2 Ibid.

3 Ibid.

4 Ibid.

5 Ibid., 3.

6 Michio Kushi with Alex Jack, The Cancer Prevention Diet: Michio Kushi’s Nutritional Blueprint for the Relief and Prevention of Disease, (New York: St. Martin’s Press, 1983), 17.

7 Lawrence Kushi, telephone conversation with author, July 1990.

8 Dean Omish et al., “Effects of Stress Management Training and Dietary Changes in Ischemic Heart Disease,” Journal of the American Medical Association 249(1):54-9 (1983).

9 New York Times, “Health Section,” 16 November 1989.

10 Frank M. Sacks et al., “Blood Pressure in Vegetarians,” American Journal of Epidemiology 100(5):390-8.

11 Kushi, The Cancer Prevention Diet, v-vi.

12 Michio Kushi, letter. Cited in U.S. Congress Office of Technology Assessment, Unconventional Cancer Treatments, (Washington, D.C.: Government Printing Office, September 1990), 59.

13 Kushi, The Cancer Prevention Diet, 146.

14 Ibid., 147.

15 Ibid., 149.

16 Ibid., 150-5.

17 Ibid., 156-7.

18 Ibid., 157.

19 Ibid., 159.

20 Ibid., 160-1.

21 Keith Block, M.D., letter to the author, 27 November 1991.

22 Kushi, The Cancer Prevention Diet, 161.

23 Ibid., 162-3.

24 Ibid., 76-7.

25 Ibid., 19.

26 Ibid., 24.

27 Ibid., 58.

28 Alex Jack, personal communication with the author, 16 April 1991.

29 Cancer Prevention Diet, 26-34.

30 Ibid., 90.

31 Ibid., 90-7.

32 Anthony Sattilaro, Recalled by Life (New York: Avon Books, 1982).

33 Block presented some of his cases where diet and psychosocial factors may have played a significant role in controlling or reversing cancer at the Symington Foundation Conference on New Directions in Cancer Care at Commonweal in February 1989 to an international audience of oncologists, psychotherapists, and other professionals concerned with cancer.

34 Vivien Newbold, “Macrobiotics: An Approach to the Achievement of Health, Happiness and Harmony.” In Edward Esko, ed., Doctors Look at Macrobiotics (New York: Japan Publications, 1988), 45.

35 Ibid.

36 Vivien Newbold, letter to Helen E. Sheehan, Director of Professional Education Programs, American Cancer Society, 4 March 1988.

37 Newbold in Esko, ed., Doctors Look at Macrobiotics, 46.

38 James Carter et al., “Cancers with Suspected Nutritional Links: Dietary Management?” Typescript, Nutrition Section, Tulane University School of Public Health and Tropical Medicine, New Orleans, LA, February 1990. Cited in Office of Technology Assessment, Unconventional Cancer Treatments, 64-5.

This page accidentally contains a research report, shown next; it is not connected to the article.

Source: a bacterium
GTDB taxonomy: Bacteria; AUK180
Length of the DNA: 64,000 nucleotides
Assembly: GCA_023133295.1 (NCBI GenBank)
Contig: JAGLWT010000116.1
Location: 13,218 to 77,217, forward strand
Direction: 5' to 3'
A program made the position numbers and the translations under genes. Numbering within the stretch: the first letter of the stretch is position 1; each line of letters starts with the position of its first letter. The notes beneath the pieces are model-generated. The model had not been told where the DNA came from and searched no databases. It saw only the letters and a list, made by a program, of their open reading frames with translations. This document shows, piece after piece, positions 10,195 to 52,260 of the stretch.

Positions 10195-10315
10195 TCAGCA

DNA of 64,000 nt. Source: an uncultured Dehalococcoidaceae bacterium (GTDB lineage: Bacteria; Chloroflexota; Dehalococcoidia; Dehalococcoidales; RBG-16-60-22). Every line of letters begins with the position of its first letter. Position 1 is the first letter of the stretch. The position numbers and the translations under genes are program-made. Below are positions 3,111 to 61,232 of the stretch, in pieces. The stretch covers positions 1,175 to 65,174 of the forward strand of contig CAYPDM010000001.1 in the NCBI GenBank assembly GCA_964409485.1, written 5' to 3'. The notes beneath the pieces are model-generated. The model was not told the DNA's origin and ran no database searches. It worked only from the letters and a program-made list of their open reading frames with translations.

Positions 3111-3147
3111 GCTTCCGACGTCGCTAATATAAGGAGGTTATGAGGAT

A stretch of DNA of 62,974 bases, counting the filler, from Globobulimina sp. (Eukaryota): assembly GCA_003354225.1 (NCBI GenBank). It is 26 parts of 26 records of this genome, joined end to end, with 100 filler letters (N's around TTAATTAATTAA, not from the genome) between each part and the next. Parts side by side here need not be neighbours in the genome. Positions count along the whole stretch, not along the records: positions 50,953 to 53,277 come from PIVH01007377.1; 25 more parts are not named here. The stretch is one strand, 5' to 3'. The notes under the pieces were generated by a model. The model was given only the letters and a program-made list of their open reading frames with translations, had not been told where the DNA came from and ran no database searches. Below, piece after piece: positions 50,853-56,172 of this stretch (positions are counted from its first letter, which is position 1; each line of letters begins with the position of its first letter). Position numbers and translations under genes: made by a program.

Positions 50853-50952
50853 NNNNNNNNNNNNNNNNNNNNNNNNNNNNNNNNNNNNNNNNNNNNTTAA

39 Gordon Saxe, telephone conversation with author, July 1990.

40 Gordon Saxe, personal communication with the author, 31 January, 1991.

41 Carter et al., “Cancers with Suspected Nutritional Links.” Cited in Office of Technology Assessment, Unconventional Cancer Treatments, 65.

42 Barry R. Goldin et al., “Effect of Diet on Excretion of Estrogen in Pre- and Postmenopausal Women,” Cancer Research 41:3771-3 (1981).

43 L.E. Holm, “Dietary Habits and Prognostic Factors in Breast Cancer,” Journal of the National Cancer Institute 81(16):1218-23 (1989).

44 Gordon Saxe, personal conversation with the author, 21 August 1991.

45 Takeshi Hirayama, “Relationship of Soybean Paste Soup Intake to Gastric Cancer,” Nutrition and Cancer 3:223-33 (1982).

46 Goro Chihara et al., “Fractionation and Purification of the Polysachharides with Marked Antitumor Activity, Especially Lentinan, from Lentinus edodes (Berk.) Sing. (An Edible Mushroom),” Cancer Research 30:2776 (1970).

47 Jane Teas et al., “Dietary Seaweed (Laminaria) and Mammary Carcinogenesis in Rats,” Cancer Research 44:2758-61 (1984).

48 Y. Tanaka, “Studies on Inhibition of Intestinal Absorption of Radioactive Strontium,” Canadian Medical Association Journal 99:169-75 (1968).

49 Ernst L. Wynder et al., “Diet and Breast Cancer in Causation and Therapy,” Cancer 58:1805-11 (1986).

50 Lawrence Kushi, personal communication with author, 24 January 1991.

51 Alex Jack, letter to the author, 29 September 1993.